Library Review: Relish: My Life in the Kitchen


If you think back to your strongest memories, how many of them are connected to food? That’s the essential question behind Lucy Knisley’s memoir Relish: My Life in the Kitchen. The book chronicles Knisley’s life and travels, with food and cooking interwoven at every step along the way. Whether it is remembrances of her mother’s amazing cooking and the experiences of being around professional kitchens, farmers markets and catering jobs, or discovering amazing cuisine ¬†while traveling with her dad.

The stories themselves would be enough for a tremendous food memoir, but what really elevates the text is that it is presented in a graphic novel format, with Knisley herself providing the artwork. She has a wonderful simple style that exudes warmth, perfectly complements the wit and welcome of her prose and allows her to create wonderful caricatures. If you want to know how good, be sure to check the final few pages of the book, where Knisley has included a few real photographs from growing up and you can see just how closely her drawings match the people in her life.

But interspersed between her life stories are recipes and instructions to recreate the foods that have played the most pivotal roles for her. Here the art style absolutely astounds with the way that Knisley is able to recreate ingredients to the point that they don’t even need to be identified. If Knisley ever decided to write/draw an entire cookbook – and she definitely should at some point – the result would be incredible (I will also be first in line for it).

Aside from a few jarring jumps in the narrative the story is consistently engaging and sometimes surprising. A fun story about a trip to Mexico with her best friend and their mothers quickly turns from a tale about discovering exotic new cuisines into a story about two teenagers dealing with some of the unique aspects of growing into a young man or woman. While the book is mostly about food, Knisley isn’t afraid to move away from talking about food at times in order to explore a critical moment about growing up or finding your place in the world. Knisley is open and honest about her life and at various times in the story I vacillated between outright laughter, the feeling of absolute empathy, and even a few tears. And it has nothing to do with how good Knisley is at drawing onions.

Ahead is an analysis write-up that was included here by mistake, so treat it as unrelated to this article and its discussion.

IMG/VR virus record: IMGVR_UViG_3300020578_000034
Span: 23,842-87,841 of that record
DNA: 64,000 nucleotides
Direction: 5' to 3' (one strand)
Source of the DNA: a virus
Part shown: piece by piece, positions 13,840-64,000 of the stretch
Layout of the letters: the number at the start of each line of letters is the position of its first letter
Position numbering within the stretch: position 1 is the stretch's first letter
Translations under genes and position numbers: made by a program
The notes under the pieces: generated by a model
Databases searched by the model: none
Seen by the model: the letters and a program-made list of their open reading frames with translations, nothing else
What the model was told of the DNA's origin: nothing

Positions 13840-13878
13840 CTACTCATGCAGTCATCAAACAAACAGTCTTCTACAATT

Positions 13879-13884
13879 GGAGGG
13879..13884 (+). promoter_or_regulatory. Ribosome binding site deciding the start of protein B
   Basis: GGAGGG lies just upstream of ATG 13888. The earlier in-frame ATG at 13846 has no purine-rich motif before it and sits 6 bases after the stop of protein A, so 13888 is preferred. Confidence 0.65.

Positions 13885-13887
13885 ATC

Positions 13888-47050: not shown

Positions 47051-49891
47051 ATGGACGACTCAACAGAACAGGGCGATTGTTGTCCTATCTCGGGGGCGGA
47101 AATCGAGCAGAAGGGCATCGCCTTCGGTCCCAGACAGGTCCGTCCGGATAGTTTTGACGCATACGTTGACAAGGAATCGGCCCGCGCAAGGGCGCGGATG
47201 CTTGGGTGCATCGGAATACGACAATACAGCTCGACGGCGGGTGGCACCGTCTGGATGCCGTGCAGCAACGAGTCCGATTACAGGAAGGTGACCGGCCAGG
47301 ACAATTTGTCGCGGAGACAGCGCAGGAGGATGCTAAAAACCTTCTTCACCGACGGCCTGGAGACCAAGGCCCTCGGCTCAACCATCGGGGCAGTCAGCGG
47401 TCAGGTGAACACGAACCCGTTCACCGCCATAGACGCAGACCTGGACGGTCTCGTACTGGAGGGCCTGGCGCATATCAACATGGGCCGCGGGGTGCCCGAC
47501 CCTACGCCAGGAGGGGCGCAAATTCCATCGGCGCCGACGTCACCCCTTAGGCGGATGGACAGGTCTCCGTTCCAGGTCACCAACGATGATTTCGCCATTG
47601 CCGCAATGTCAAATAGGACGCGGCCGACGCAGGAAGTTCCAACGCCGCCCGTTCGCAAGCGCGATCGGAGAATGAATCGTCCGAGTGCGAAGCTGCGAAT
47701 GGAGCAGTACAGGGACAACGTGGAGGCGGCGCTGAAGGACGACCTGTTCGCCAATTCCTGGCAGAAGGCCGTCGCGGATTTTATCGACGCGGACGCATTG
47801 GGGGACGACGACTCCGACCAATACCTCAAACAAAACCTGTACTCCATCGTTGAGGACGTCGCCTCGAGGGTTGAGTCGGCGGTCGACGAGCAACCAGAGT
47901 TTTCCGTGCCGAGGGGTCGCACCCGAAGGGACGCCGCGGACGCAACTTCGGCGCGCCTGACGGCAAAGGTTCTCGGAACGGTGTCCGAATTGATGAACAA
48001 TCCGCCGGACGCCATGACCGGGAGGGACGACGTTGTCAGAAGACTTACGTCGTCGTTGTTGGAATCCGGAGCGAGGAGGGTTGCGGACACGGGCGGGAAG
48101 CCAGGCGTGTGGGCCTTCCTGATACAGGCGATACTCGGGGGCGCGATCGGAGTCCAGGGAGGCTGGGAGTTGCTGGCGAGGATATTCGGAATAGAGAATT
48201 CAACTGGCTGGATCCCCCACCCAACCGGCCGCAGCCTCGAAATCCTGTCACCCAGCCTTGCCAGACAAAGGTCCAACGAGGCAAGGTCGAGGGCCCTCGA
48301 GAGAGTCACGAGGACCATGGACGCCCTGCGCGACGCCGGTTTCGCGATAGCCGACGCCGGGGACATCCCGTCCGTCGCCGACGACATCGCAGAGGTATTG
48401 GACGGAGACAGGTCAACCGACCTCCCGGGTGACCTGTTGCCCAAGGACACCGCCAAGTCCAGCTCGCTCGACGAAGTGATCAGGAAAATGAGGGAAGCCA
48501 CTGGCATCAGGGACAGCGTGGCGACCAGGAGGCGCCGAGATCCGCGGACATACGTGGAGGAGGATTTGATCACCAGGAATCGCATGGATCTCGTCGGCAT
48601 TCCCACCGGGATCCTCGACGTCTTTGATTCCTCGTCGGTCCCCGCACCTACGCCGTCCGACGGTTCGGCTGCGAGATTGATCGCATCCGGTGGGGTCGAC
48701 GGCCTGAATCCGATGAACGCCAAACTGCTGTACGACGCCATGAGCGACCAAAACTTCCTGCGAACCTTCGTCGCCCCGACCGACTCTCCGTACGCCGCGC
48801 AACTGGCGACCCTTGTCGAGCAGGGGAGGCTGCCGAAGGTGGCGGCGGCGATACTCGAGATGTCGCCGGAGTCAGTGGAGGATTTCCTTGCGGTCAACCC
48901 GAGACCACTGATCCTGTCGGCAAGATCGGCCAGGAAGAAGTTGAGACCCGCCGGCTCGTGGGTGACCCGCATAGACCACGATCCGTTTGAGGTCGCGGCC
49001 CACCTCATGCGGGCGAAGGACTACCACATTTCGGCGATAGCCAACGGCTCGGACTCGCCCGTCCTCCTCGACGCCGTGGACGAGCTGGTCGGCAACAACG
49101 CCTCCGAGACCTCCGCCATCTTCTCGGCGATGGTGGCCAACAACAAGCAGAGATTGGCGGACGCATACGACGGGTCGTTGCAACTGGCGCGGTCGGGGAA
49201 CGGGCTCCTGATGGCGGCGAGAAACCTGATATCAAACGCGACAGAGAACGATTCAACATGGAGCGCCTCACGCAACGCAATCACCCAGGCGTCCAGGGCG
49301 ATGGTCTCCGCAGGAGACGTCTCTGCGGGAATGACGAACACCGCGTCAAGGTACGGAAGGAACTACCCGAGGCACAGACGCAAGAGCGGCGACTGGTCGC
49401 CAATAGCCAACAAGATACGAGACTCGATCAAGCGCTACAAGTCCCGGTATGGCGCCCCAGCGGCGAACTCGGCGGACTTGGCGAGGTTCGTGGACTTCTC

Tell me you wouldn't want an entire cookbook that looks like this. Wow.

As I finished the book and settled on the incredible quote by Ray Bradbury that was included as a bookend it became clear that Knisley was never merely satisfied with words on the page. That words alone couldn’t encapsulate her love affair with food or convey the strong influence it has had on her life. No, she needed the pictures too. But the pictures that matter most aren’t the carefully recreated drawings of favorite dishes and ingredients – and I can’t stress enough how fantastic they are. Instead the pictures that matter are of the meals shared with others, the parties, the depictions of eclectic kitchen crews the or even the singular reaction at the discovery of one of a kind croissants in Venice.

The book and Knisley depict food as an essential part of building a community. Food brings people together, draws those already near us closer. It connects us with people and places distant – in years and miles, or reconnects us with those we’ve been separated from. The sweetest set of panels in the book involve Knisley talking about her parents, long since divorced, but yet her father’s desire to find himself at her mother’s table eating the food he loved and still loves. Whatever the relationship or how it may have faltered, food still brings them together. That is not a trivial thing.

Food is community, even if it is a community of one. Many of the intimate and private moments Knisley reveals aren’t about her connecting with other people, but with herself. With each story and panel, Lucy Knisley reminds us that whether you’re chowing down on perfect McDonald’s french fries on the floor of a Paris hotel room or saying goodbye to the city you love with a food odyssey, the power of food is indeed something to relish.

Relish: My Life in the Kitchen is available on Amazon or wherever books are sold.